Michigan War Studies Review
Reviews, surveys, original essays, and commentary in the field of military studies.
28 July 2022
Review by Corbin Williamson, Air War College
A Short History of the American Civil War
By Paul C. Anderson
New York: Bloomsbury, 2019. Pp. xxxi, 270. ISBN 978–1–7807–6598–3.
Descriptors: Volume 2022, 19th Century, US Civil War Print Version

A Short History of the American Civil War is meant to provide a concise survey of the conflict for undergraduates and interested general readers. Historian Paul Anderson (Clemson Univ.) stresses the intellectual and social aspects of the war, as well as it significance in the broad sweep of American history. As in his earlier book, on the image of Confederate Col. Turner Ashby,[1] he relies mostly on secondary sources, apart from quotations of primary sources to illuminate the thinking of officials on both sides.

The book comprises a prologue on the war's origins, followed by five chapters on 1860 to 1864, and an epilogue on 1865 and Reconstruction. Anderson argues that the Civil War originated in issues unresolved since the American Revolution. Both Lincoln and Southern leaders claimed in 1861 to be the true heirs of the Revolution. In that sense, the Civil War was a struggle over the meaning of the revolutionary ideals that shaped the republic's early history. More exactly,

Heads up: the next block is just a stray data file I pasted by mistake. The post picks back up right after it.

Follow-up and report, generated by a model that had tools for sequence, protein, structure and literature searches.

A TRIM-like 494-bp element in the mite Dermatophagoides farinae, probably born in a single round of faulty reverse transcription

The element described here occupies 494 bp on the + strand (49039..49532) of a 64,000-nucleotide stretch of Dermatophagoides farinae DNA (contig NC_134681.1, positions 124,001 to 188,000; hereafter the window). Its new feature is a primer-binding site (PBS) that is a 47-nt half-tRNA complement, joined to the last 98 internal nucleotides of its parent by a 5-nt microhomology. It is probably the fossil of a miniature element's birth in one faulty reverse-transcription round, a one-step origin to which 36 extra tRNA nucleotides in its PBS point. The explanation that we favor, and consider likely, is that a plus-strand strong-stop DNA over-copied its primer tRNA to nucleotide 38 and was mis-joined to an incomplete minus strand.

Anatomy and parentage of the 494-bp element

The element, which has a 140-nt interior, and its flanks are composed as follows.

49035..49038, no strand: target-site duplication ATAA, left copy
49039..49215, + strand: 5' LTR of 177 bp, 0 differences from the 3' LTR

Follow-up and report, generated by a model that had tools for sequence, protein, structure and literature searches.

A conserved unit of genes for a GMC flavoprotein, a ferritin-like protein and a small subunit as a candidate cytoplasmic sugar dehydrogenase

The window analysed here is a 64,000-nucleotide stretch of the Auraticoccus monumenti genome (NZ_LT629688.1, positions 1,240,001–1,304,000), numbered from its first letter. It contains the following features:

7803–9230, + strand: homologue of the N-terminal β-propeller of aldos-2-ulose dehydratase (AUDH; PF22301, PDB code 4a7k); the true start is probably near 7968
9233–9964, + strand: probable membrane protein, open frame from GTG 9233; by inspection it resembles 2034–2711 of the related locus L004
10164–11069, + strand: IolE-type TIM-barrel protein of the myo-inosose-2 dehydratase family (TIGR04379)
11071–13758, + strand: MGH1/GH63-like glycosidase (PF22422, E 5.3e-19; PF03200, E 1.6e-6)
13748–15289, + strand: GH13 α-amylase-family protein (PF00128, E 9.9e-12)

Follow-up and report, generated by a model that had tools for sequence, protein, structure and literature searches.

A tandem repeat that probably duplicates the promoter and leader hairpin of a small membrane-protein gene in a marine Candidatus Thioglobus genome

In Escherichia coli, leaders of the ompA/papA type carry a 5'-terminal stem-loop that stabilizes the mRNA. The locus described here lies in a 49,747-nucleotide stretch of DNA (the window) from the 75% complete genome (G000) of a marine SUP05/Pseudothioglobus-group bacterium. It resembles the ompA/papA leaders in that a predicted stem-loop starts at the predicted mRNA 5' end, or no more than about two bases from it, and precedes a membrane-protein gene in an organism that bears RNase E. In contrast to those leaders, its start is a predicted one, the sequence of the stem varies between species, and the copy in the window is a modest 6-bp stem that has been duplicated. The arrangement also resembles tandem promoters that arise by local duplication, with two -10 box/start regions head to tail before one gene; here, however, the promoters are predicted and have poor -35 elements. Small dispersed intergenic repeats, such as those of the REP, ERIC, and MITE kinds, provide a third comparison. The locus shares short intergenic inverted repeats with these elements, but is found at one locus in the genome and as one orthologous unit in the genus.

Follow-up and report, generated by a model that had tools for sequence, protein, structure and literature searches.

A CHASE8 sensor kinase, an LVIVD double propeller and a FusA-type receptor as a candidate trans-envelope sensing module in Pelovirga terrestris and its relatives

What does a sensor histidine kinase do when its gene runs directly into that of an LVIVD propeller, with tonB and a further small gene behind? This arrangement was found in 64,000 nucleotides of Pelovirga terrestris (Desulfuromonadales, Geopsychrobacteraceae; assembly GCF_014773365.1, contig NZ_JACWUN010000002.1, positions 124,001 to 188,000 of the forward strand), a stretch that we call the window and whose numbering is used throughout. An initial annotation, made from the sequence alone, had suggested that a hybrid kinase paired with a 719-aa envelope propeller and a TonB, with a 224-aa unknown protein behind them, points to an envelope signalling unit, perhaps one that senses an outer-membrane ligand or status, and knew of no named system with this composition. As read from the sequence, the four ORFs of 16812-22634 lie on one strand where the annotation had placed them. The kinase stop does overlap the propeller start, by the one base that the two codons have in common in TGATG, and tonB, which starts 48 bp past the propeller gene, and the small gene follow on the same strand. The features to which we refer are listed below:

A fuller explanation of the war's fundamental dynamics would emphasize this: it was brought on by a relentless conflict over the future of slavery in a new and ever-expanding democracy arguing over the fruits of its prosperity. Americans, essentially, were arguing over a future that they were coming to believe was assured to them—the Founding generation and its successor brood in the early republic had not felt the same certainty—and confident they could control. (xxvi)

After reviewing the results of Abraham Lincoln's 1860 election and the first wave of southern secessions, Anderson assesses the strengths and weaknesses of each side. The Union benefited from a larger population, stronger financial capabilities, and much greater industrial output. But the Lincoln administration faced the daunting task of subduing a massive geographic area. Furthermore, both Northern and Southern national power ebbed and flowed with the vagaries of popular sentiment.

Anderson highlights 1862 as a critical year of the conflict by devoting two chapters to 1862. The first of these surveys Union successes in the Western theater before noting differences in the political/military views toward the war between President Lincoln and Gen. George McClellan. He then traces Union policy vis-à-vis Southern slaves from initial reluctance to emancipate, to Butler's contraband policy, to early deliberations about emancipation. Anderson goes on to show how initial Confederate setbacks in the West led the Jefferson Davis administration to centralize state power. This state-driven response helped the Confederacy mobilize its resources to sustain the Southern war effort for four years.